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Making freshness last longer

Source:Ringier Food

Date Published:11/24/2016 01:11:31 PM

NAZLIN IMRAM* writes about how cake manufacturers can improve the texture, stability and shelf life of their products

Convenience without compromise

THE INCREASING urbanization of secondary cities in Asia represents new and exciting opportunities for fast-moving consumer goods (FMCG) manufacturers1, and this trend is expected to continue over the next two decades. For example, in China, 250 million people are forecast to move into cities from the hinterlands in this period, which is a rise of 17 percent up from 20132. The result of urbanization leads to a rise in the middle class and accelerates a shift towards hectic lifestyles seeking convenience.

Because of their time-starved, fast-paced and multi-tasking lifestyles, consumers often prioritize convenience when it comes to product choices, including food. However, this does not mean that they are expecting a compromise. Consumers are also continually seeking food and beverages that look and taste good.

Cakes as a popular snack choice

With increasingly busy lifestyles, consumers are snacking more often than ever and are broadening their definition of snacks. In this broadened definition, cakes have grown to be a popular snack option. The snacking trend is seen especially in China and India, which are the fastest growing Asian markets based on value sales3.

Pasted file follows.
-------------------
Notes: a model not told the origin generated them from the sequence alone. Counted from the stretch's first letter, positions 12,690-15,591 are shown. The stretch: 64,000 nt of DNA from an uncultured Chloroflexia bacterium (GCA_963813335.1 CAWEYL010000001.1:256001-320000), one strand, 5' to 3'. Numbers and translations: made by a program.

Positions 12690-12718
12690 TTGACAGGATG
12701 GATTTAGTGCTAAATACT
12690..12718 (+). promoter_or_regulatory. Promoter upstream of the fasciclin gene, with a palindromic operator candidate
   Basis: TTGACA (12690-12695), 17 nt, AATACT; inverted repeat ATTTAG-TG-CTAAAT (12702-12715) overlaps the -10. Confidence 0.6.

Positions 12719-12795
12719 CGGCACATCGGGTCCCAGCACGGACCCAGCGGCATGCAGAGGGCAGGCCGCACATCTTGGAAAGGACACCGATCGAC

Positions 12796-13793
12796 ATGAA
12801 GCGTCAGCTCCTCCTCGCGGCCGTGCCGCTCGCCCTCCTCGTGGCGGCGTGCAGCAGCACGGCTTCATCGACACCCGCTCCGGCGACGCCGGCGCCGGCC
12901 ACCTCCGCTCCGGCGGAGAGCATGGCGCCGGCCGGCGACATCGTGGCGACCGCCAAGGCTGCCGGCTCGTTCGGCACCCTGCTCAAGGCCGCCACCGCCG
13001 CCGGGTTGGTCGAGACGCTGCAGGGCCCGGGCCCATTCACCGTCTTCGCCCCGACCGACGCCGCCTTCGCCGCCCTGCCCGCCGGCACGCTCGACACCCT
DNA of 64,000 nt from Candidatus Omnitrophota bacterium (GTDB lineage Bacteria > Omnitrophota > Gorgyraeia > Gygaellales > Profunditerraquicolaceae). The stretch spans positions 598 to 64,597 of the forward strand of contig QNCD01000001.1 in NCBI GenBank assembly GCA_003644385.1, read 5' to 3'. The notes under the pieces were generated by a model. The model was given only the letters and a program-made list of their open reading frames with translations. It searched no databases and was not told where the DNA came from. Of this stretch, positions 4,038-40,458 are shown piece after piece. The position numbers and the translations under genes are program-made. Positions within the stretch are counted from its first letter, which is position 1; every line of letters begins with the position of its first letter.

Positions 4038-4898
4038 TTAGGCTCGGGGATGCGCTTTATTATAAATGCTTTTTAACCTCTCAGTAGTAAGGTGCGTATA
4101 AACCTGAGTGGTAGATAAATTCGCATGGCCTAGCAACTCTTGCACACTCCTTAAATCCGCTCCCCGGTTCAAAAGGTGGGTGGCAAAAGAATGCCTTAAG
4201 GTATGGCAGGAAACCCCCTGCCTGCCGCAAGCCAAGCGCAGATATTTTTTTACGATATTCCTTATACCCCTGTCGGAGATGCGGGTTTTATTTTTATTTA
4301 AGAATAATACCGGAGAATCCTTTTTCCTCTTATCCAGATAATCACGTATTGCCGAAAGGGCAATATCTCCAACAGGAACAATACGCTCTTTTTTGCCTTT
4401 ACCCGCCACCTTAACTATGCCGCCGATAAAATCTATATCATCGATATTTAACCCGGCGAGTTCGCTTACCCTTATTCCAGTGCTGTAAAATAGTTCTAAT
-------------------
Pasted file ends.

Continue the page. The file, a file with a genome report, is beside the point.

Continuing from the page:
Consumers use descriptors such as “rich”, “deliciously well-balanced”, “moist”, and “light-as-air” to describe their desired characteristics of fresh cakes (Photo courtesy: Ingredion)

Freshness as a key driver for consumer acceptance

According to the Bread Barometer survey by Lantmannen Unibake, three in four consumers believe that it is important for baked products to be freshly baked upon purchase, and one in three surveyed say that it is the most important reason behind their purchase of bakery products4. This is indicative of how important freshness – or at least the perception of freshness – is in ensuring the market success of baked products.